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Step count apps may do more harm than good

Press Association logoPress Association 21/02/2017

Step-counting apps could be doing harm by driving people to chase overambitious goals, a leading computer scientist says.

Dr Greg Hager, of Johns Hopkins University in the US, maintains "very few" of the estimated 165,000 available healthcare apps are based on scientific evidence.

Yet after being downloaded more than a billion times, they were likely to have an enormous impact on public health.

Dr Hager was especially critical of apps and devices that set the user a target of 10,000 steps.

Speaking at the American Association for the Advancement of Science (AAAS) annual meeting in Boston, he said: "Some of you might wear Fitbits or something equivalent, and I bet every now and then it gives you that cool little message: 'You did 10,000 steps today'.

"But why is 10,000 steps important? What's big about 10,000?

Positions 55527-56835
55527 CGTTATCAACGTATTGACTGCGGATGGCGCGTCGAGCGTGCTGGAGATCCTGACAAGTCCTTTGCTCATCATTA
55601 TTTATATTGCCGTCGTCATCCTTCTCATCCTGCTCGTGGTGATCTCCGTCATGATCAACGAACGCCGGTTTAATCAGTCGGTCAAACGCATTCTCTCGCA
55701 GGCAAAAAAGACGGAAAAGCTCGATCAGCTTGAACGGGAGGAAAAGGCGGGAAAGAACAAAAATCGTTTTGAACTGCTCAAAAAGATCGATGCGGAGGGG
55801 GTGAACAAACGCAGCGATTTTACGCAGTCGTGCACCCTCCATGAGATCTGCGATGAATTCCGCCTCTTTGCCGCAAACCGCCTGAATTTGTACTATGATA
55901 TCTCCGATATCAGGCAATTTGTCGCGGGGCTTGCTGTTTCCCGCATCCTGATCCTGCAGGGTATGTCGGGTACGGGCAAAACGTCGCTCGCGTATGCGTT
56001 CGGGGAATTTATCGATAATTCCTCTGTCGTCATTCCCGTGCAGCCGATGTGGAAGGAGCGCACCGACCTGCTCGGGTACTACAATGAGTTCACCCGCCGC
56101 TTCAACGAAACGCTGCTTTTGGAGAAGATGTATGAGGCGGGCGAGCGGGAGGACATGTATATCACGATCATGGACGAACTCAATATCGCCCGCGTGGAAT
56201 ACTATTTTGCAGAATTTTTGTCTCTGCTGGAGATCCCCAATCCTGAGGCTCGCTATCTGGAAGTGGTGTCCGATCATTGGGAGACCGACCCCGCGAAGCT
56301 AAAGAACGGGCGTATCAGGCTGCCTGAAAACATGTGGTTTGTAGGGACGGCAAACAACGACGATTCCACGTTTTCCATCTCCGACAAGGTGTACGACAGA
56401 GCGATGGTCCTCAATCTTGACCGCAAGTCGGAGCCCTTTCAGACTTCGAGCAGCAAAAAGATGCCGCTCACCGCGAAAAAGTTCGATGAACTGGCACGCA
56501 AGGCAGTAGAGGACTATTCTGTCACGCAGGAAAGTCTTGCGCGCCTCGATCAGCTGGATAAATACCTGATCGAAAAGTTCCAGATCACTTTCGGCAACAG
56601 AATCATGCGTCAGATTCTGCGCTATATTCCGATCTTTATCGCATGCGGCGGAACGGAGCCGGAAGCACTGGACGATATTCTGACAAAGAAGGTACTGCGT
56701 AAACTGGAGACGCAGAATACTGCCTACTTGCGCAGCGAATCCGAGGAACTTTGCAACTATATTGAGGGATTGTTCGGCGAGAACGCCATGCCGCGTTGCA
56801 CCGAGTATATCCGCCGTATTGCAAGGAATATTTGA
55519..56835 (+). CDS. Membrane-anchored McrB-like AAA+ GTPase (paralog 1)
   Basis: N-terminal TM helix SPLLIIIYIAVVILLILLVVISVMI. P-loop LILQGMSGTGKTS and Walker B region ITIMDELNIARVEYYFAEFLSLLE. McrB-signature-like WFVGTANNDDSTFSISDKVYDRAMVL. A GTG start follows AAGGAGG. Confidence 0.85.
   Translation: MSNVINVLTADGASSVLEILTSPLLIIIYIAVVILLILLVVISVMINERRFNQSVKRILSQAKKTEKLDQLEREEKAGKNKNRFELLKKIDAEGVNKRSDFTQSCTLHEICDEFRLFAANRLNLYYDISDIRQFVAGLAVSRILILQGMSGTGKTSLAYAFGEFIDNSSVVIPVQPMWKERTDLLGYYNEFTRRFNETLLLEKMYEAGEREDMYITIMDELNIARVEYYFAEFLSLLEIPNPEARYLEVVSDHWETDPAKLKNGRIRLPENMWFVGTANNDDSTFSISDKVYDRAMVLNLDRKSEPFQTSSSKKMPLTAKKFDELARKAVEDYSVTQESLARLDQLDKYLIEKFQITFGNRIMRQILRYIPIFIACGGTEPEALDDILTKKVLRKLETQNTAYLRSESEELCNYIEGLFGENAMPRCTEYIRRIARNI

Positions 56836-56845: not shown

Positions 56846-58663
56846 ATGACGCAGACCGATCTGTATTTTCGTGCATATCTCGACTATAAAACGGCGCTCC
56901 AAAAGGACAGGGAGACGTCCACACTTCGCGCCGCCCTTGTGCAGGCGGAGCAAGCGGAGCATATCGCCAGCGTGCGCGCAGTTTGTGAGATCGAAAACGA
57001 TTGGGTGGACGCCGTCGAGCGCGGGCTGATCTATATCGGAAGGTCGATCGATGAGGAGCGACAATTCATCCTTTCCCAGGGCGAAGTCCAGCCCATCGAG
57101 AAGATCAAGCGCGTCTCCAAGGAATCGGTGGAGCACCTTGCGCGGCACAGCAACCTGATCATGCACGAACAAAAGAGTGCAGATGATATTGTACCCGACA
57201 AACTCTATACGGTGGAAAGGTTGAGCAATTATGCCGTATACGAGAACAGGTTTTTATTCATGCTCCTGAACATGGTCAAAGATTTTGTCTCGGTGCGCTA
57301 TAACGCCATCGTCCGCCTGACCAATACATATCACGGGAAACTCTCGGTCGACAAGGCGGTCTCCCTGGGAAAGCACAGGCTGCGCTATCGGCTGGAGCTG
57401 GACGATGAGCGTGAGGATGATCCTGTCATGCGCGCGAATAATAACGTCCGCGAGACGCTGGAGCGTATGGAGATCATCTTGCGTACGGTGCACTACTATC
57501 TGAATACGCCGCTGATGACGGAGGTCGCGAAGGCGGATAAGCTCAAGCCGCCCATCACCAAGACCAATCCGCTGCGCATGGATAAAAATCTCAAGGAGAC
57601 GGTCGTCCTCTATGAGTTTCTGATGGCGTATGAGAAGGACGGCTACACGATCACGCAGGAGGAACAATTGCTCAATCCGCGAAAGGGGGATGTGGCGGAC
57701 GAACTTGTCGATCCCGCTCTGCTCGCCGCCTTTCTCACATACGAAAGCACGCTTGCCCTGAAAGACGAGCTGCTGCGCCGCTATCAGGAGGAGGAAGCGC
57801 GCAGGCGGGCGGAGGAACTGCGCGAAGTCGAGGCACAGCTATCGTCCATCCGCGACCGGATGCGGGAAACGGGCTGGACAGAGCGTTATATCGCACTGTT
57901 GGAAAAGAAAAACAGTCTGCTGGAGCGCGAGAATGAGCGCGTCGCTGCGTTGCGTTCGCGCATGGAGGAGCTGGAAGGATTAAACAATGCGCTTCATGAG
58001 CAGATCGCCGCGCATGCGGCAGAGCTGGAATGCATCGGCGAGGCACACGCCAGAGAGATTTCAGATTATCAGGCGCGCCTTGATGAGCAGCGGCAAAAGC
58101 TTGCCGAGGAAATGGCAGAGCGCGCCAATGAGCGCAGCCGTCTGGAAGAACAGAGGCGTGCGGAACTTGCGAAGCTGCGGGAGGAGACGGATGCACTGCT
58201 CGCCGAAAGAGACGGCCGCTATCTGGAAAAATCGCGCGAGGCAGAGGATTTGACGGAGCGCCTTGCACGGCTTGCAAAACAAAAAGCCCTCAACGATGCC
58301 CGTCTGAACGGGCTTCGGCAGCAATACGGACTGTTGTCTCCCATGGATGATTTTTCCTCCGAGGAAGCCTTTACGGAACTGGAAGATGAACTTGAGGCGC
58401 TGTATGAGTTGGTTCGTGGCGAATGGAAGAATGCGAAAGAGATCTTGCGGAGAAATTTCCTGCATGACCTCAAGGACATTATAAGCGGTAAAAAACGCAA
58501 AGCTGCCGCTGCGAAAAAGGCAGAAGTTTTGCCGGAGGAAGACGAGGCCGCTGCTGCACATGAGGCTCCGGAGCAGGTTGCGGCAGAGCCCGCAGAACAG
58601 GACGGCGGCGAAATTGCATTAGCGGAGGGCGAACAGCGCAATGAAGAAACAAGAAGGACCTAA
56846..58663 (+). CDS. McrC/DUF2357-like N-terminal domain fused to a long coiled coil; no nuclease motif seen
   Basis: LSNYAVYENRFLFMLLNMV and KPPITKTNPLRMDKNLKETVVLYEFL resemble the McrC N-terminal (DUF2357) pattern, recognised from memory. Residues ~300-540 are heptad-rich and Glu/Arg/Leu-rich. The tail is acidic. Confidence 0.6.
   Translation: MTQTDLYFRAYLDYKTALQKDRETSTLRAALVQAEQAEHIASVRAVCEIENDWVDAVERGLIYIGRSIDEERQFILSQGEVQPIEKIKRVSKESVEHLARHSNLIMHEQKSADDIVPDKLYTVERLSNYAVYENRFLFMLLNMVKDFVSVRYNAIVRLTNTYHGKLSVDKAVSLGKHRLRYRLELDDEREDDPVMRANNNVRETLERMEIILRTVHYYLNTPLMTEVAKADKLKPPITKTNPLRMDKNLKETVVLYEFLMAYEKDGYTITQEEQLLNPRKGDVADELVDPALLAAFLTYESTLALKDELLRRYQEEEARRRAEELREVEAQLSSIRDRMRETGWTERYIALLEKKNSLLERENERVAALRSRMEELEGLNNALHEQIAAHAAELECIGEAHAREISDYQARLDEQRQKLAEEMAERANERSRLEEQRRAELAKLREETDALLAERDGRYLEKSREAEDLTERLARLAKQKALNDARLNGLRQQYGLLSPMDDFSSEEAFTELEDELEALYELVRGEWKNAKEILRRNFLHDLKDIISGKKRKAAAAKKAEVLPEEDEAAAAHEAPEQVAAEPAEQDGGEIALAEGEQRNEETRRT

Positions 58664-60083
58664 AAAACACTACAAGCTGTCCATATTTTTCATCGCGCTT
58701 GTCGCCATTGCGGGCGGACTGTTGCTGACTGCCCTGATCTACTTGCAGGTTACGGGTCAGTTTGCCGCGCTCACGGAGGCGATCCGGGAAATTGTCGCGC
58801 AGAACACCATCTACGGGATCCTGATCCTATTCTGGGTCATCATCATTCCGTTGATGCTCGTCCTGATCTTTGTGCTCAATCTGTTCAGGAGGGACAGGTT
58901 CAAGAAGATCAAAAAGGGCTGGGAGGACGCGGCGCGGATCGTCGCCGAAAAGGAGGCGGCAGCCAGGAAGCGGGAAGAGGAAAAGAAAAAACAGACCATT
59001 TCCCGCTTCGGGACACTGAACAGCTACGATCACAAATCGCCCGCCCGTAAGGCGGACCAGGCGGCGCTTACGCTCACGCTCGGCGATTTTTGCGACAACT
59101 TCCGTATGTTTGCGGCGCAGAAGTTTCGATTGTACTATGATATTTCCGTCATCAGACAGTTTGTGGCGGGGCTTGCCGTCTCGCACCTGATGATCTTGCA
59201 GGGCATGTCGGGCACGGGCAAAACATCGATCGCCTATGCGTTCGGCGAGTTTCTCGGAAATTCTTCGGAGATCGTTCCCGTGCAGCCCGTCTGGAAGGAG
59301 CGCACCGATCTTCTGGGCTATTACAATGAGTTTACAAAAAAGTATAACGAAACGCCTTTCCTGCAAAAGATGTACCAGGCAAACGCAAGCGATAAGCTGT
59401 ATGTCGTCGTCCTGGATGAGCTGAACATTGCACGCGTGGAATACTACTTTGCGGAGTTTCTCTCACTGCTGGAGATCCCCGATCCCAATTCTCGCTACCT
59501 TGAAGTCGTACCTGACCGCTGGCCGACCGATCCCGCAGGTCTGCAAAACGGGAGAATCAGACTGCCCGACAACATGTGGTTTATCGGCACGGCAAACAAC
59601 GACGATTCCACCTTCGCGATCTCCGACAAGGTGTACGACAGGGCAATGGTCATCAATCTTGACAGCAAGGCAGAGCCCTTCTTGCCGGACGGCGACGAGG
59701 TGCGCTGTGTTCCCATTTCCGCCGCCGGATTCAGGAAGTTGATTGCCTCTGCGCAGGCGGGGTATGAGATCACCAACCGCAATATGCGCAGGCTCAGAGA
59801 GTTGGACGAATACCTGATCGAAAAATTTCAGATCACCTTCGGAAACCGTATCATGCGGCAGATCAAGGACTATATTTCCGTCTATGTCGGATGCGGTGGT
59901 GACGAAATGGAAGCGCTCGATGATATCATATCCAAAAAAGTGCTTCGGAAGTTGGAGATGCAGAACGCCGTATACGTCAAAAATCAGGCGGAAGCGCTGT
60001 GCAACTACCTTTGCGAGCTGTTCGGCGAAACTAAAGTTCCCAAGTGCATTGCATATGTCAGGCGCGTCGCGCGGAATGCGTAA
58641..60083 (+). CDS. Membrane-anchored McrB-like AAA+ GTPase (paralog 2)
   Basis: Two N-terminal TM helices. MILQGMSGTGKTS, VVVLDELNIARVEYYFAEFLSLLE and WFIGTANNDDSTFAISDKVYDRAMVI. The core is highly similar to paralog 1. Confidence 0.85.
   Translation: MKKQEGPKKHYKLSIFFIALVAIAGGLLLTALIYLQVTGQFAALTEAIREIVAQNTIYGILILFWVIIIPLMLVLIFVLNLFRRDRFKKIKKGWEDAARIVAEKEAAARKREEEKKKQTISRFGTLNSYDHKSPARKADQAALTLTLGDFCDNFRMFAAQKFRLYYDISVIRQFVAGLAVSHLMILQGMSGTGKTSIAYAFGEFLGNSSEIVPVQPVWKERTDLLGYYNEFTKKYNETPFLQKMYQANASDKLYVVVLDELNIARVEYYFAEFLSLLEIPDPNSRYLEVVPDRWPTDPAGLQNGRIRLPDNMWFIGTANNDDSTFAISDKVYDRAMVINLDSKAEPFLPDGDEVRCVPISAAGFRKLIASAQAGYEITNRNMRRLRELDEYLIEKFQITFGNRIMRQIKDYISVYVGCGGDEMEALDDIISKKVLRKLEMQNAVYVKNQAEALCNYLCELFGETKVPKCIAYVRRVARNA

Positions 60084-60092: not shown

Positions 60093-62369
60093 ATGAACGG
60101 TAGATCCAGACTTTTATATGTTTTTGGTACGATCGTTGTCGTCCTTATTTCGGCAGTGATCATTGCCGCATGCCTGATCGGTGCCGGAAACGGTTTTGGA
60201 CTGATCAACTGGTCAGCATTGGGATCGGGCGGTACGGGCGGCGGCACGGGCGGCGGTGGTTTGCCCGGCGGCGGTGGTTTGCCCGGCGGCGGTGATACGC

"Turns out in 1960 in Japan they figured out that the average Japanese man, when he walked 10,000 steps a day burned something like 3000 calories (12552 kilojoules) and that is what they thought the average person should consume so they picked 10,000 steps as a number.

"But is that the right number for any of you in this room? Who knows? It's just a number that's now built into the apps."

A survey of several hundred mental health apps used for coaching and diagnosis found only five that could be linked to an evidence base, he said.

None of those were available to the public; they were all research tools.

"I think apps could definitely be doing more harm than good. I am sure that these apps are causing problems," Dr Hager said.

"Without any scientific evidence base, how do you know that any of these apps are good for you? They may even be harmful.

"The 10,000 steps example typifies the problem in many ways.

"We all know that probably the more you exercise, the better it is for you. But if you are elderly or infirm then this is not going to be good for you."

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